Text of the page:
oscars-ellen-selfieImage: twitter.com/TheEllenShow

By the time the 86th Academy Awards aired Sunday night, I had pretty much gotten over my annual despair of ever seeing another woman in the Best Director category. After all, there was a lot to celebrate this year: great movies, phenomenal actresses, Ellen.

I was especially looking forward to Ellen.

Frankly, I was underwhelmed.

Perhaps in an attempt to right the wrongs of last year’s truly offensive show, Ellen DeGeneres or the Academy or the Oscars producers (or all of the above) went out of their way to make this a kinder, gentler broadcast. Ellen has always impressed me with her ability to be simultaneously funny and nice. But after a while, the bite-less jokes grew monotonous. Her energy level—despite a constant cavort around the auditorium (“Ooh, ooh, where’s she gonna pop up next?”)—was surprisingly low.

In fact, the whole evening seemed more like a dress rehearsal than Hollywood’s biggest night. It was simply too casual. Yes, it’s cool that all these famous stars know each other and hang out together, but I want my Oscars old-school: glamorous and elegant. This year’s show felt like one of the newer, less prestigious ceremonies (Golden Globes or People’s Choice). At times, it was almost like the Nickelodeon Kids’ Choice Awards, but with an older (in most cases, much older) audience. All we were missing was the slime.

Then again, we had pizza.

If you weren’t able to join our live blog, here are some of the evening’s most memorable moments. I’ll start with the ones that had us shaking our heads.

Matthew McConaughey deservedly won the Best Actor statue for his role in Dallas Buyers Club, then babbled a virtually incoherent acceptance speech about God and his father and never being able to catch up to himself 10 years from now because he’s his own hero. Say what?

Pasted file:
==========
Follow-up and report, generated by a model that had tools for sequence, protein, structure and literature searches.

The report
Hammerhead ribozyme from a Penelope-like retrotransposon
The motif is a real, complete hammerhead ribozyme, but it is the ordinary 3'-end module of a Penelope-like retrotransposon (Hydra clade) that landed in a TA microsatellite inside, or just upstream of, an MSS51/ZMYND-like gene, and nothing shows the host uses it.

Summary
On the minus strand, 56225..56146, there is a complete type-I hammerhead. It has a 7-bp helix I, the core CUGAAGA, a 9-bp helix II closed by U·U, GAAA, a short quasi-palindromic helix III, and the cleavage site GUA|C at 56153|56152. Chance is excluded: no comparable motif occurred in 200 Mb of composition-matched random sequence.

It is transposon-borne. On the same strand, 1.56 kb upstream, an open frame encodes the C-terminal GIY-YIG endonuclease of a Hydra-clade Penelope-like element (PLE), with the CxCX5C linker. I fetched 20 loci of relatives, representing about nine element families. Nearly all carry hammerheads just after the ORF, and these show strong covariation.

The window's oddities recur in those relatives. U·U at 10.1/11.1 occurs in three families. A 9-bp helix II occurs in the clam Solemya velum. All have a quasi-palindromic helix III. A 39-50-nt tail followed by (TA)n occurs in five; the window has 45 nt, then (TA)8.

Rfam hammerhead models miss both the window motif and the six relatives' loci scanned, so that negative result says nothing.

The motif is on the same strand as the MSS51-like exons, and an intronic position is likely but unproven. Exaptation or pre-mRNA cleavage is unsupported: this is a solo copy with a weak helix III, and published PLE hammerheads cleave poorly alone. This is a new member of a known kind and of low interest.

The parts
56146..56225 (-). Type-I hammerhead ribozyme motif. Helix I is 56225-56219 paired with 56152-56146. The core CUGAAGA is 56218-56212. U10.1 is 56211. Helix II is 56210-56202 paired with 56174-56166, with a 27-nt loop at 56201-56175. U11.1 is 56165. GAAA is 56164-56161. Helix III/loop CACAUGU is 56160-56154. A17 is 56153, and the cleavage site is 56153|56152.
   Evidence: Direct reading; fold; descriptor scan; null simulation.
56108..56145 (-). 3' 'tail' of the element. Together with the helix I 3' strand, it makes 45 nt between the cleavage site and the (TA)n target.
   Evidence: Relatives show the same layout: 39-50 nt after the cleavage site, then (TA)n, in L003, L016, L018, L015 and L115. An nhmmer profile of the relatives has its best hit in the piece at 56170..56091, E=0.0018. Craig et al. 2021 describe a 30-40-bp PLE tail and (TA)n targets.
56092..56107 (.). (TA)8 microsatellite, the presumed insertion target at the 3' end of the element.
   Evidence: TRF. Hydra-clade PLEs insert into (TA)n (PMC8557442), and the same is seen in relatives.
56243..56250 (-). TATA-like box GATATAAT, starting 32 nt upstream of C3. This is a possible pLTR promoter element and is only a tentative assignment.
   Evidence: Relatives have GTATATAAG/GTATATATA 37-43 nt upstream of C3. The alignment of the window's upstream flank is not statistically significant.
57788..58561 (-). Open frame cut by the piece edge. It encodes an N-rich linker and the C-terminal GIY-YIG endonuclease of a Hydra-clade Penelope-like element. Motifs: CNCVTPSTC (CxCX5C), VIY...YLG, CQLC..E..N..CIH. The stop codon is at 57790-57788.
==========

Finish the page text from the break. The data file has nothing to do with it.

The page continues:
John Travolta, after confessing how deeply important musicals are to him, proceeded to introduce the “Wickedly talented, one and only, Adele Dahzeem.” Um . . .  that would be Idina Menzel.

I alluded to it earlier: Thanks to Ellen’s degenerosity, we all had pizza. Well, not all of us, just the couple of dozen super famous people in the A-list front rows. It was mildly amusing to see a pizza delivery guy there. It became less so—quickly—when Ellen insisted that the stars pull out their wallets and pay the poor schlub. Maybe the pizza schtick would have been funnier if the first half of the show hadn’t been so informal already. Maybe.

What bothered me even more was a feeling that the awards presentation was one never-ending Samsung promotion. I get it, I really do. The Academy Awards are a commercial venture. Samsung’s a major sponsor. But, really, all the “Here I am, hangin’ with my homies” selfies got pretty tired, pretty quick. (If, like so many in the Twittersphere, you experienced any selfie-envy, you can add yourself to Ellen’s star-studded picture here.) I don’t mean to be a spoilsport. But, this is supposed to be The Academy Awards, not a junior-high cafeteria.

And, last but not least, there was the plastic surgery. Boy, was there plastic surgery! From the barely recognizable Liza Minnelli to an utterly unrecognizable Kim Novak. Even Goldie Hawn sported the now familiar shiny cheeks and frozen features. The woman’s almost 70 and she’s still trying to look like the go-go dancer from Laugh-In.